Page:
9. Africa needs to own its peacebuilding agenda, which cannot be achieved insofar as the APSA is seen by many ordinary Africans to be at the service of heads of state used to perpetuate their power. There must be serious engagement of African civil societies, businesses and other indigenous actors in the AU peace and security structures. Admittedly, these latter actors have several limitations; CSOs are often not transparent, accountable, and capable enough to engage on issues in a way that makes a difference. Additionally, a large portion of the business community is engaged in rent-seeking activities.
  10. African ownership of its peacebuilding agenda will also not be possible without overcoming reliance on external funding. The AU-REC’s failure to mobilise domestic resource is as much due to the lack of political will as it is to the lack of resources. Some RECs, like ECOWAS, have developed a robust resource mobilisation scheme and therefore were able to generate greater resources than others.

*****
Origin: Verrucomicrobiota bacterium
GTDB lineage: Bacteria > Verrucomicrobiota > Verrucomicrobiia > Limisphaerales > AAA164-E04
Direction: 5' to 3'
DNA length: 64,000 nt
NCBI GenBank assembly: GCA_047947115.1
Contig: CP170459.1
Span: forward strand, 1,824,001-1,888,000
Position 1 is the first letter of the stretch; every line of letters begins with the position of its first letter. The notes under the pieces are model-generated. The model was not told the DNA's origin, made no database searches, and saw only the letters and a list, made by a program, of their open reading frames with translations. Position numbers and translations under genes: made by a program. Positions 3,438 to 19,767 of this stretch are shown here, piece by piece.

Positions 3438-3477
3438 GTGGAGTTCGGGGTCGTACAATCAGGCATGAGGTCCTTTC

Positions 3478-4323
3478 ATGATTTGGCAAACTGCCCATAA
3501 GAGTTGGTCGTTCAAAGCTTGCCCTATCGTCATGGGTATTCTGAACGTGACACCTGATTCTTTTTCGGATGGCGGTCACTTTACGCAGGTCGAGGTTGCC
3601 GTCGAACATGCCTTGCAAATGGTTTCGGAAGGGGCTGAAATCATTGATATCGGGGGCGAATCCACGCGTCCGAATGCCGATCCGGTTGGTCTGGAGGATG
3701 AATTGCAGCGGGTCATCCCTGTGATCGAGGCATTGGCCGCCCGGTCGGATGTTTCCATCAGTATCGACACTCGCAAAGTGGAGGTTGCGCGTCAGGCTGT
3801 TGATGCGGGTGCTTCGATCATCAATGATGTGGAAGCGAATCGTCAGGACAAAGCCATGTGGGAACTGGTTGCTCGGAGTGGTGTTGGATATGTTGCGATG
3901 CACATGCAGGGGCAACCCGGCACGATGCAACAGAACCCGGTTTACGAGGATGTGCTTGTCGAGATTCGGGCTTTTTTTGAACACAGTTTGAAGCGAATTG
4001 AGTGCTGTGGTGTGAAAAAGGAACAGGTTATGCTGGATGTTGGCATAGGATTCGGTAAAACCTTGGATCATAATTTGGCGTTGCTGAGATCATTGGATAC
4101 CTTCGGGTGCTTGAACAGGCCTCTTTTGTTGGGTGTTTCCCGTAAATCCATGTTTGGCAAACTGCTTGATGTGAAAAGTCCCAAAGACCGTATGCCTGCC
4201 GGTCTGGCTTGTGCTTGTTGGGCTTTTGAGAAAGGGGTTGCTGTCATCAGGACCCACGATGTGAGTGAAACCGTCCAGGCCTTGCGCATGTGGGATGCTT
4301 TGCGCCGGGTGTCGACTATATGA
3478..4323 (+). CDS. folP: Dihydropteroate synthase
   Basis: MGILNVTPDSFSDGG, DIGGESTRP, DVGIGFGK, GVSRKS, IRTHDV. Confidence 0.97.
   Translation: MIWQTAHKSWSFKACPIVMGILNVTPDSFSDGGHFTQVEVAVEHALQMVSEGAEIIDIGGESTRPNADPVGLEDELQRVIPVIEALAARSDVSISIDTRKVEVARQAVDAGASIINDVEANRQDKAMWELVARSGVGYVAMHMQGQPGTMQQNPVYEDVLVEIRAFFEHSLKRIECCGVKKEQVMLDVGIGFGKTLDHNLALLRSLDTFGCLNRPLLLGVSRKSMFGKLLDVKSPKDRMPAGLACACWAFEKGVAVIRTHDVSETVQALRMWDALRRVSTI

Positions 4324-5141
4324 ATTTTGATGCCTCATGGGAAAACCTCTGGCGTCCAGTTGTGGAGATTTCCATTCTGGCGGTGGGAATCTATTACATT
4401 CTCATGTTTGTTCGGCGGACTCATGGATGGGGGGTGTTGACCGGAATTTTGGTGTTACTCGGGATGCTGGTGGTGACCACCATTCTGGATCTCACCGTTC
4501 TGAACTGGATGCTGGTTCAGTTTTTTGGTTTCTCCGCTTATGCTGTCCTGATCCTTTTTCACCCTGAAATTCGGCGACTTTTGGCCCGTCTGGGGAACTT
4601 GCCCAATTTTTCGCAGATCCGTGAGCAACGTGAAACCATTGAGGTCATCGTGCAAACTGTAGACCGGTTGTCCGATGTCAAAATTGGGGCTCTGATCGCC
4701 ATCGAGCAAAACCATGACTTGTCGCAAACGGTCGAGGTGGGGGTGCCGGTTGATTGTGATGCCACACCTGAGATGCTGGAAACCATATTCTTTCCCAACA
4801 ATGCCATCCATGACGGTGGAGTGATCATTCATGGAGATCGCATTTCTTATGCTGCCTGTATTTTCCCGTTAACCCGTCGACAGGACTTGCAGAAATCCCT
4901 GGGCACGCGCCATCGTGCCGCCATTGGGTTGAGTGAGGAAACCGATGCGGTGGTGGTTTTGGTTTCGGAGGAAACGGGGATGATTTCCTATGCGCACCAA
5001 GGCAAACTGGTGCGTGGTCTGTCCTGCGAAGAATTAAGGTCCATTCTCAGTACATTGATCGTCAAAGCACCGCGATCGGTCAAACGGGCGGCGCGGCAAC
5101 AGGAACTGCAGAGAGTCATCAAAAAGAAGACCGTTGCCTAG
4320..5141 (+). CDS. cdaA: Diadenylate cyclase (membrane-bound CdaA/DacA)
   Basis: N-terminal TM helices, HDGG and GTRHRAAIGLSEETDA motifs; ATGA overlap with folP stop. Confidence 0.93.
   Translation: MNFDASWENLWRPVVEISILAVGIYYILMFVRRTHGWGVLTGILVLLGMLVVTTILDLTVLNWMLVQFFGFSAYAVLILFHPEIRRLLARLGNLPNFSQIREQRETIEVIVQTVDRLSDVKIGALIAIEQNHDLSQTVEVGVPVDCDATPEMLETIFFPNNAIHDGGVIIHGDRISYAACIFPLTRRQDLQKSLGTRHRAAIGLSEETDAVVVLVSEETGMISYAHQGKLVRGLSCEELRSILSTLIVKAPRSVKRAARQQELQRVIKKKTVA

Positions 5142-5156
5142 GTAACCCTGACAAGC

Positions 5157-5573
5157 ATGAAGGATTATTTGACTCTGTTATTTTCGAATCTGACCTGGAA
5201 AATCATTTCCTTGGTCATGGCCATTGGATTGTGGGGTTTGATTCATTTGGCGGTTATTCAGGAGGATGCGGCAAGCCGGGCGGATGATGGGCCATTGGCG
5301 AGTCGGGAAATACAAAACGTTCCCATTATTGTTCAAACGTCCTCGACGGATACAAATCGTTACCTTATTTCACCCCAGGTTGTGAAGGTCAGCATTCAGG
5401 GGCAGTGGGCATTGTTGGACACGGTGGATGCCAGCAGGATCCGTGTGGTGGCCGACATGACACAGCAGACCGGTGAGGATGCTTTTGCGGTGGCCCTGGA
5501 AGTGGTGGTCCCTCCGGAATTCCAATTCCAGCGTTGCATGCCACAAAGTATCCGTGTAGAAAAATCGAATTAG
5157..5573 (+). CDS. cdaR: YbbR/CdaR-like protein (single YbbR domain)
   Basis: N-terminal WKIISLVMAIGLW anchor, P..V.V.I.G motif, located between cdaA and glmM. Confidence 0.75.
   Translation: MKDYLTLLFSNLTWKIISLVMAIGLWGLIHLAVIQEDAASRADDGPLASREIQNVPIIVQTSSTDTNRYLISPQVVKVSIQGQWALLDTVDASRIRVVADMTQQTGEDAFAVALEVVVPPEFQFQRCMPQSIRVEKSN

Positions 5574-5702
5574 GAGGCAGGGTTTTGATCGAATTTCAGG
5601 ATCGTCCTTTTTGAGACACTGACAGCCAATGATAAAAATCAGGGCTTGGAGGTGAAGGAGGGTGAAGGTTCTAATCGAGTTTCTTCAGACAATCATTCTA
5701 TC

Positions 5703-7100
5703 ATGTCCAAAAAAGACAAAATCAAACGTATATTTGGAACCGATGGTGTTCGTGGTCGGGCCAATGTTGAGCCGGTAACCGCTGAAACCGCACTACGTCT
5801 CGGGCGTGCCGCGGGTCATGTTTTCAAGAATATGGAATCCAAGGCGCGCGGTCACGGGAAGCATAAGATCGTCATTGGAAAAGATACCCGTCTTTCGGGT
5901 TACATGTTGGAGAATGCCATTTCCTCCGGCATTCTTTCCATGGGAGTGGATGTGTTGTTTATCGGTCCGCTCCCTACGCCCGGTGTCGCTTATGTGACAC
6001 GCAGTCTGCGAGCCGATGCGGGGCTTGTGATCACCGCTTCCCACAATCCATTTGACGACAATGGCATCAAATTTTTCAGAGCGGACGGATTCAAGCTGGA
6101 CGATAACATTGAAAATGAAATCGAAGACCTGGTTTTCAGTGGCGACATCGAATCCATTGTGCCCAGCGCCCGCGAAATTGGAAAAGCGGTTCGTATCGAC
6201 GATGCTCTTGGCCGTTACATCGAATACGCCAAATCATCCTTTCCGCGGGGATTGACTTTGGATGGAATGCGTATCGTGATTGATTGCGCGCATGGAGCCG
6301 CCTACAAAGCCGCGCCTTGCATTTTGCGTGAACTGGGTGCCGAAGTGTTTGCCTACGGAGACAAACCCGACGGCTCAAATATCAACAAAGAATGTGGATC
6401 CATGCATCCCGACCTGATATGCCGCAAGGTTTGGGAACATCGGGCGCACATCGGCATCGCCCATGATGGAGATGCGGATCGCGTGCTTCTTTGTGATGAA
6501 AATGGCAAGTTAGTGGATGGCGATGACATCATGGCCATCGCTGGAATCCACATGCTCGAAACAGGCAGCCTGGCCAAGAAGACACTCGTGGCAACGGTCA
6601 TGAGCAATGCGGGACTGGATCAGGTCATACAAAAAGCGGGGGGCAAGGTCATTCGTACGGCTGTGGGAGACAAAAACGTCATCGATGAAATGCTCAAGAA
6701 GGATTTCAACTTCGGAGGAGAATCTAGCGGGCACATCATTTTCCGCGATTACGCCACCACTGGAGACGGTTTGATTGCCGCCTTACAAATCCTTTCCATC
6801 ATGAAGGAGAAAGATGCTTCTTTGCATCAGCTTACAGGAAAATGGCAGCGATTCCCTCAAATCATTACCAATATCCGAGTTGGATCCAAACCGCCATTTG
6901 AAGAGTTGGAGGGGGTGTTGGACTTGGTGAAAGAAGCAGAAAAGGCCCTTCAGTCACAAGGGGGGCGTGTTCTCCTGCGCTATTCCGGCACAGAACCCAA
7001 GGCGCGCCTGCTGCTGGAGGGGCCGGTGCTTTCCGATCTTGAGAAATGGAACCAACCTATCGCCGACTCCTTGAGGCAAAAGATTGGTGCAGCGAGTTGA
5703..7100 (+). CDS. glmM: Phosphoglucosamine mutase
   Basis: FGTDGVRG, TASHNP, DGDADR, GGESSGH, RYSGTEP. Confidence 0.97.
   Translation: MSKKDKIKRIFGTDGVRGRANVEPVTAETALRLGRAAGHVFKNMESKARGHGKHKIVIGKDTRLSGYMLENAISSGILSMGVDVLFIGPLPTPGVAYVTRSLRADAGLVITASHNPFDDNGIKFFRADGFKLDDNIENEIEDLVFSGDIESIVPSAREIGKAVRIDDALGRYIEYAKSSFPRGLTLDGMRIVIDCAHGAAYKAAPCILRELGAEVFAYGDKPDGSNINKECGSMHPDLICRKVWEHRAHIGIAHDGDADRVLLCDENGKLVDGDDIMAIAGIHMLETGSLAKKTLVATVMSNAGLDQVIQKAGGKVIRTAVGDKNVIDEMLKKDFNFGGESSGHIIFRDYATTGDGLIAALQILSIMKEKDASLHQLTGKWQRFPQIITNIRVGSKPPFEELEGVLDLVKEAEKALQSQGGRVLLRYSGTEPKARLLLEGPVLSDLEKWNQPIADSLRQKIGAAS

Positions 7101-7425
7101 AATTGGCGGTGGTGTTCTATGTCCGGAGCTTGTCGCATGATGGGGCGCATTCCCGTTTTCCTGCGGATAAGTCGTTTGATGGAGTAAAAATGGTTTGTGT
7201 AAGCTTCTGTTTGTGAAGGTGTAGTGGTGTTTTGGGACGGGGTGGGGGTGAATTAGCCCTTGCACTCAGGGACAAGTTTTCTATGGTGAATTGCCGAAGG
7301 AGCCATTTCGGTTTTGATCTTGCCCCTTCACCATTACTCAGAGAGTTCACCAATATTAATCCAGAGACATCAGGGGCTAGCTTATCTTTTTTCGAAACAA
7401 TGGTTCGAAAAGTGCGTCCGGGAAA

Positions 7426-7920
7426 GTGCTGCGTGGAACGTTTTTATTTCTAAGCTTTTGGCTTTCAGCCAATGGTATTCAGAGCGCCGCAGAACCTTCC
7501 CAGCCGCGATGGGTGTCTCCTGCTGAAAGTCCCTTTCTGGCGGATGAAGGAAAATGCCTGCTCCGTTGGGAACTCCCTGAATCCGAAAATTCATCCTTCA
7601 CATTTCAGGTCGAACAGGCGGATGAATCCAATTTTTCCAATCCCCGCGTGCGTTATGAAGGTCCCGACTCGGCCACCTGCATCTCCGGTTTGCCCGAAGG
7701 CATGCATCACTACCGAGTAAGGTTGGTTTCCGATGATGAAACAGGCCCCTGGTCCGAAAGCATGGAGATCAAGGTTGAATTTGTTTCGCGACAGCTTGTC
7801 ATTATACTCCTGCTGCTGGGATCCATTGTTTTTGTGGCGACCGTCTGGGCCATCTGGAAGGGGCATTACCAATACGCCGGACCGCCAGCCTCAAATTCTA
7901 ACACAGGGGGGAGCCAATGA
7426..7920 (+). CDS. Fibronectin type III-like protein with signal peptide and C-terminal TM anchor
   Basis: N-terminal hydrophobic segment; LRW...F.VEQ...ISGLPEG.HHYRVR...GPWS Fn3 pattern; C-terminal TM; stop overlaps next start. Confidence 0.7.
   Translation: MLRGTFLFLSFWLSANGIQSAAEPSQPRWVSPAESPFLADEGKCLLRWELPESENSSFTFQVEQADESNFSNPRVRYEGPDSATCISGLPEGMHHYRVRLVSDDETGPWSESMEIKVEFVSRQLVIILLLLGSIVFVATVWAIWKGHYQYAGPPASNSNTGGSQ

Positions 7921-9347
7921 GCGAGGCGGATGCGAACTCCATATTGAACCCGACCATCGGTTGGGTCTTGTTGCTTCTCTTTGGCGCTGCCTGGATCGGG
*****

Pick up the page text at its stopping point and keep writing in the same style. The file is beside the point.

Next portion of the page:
11. The AU/RECs have an adequate normative framework on youth participation. However, much is left to be desired in diffusing and implementing these frameworks at the national and sub-national levels and in nurturing a constituency for these norms in African civil societies, governments, business and other relevant actors. Building institutions that are inclusive and accountable through questioning the concept and reality of the social compact between African states and their people will be important to this process of embedding these frameworks. 
  12. The current peacemaking norm in Africa, where inordinate attention is given to actors with violent capabilities, must be seriously questioned. While this might be framed as a pragmatic search for peace, it is also undermining the quest for durable peace by incentivising actors to deploy violence in the pursuit of their political demands. In Sudan’s trilateral negotiation, for instance, the main actors were the security actors while civic movements such as members of the resistance committees were not part of the negotiations.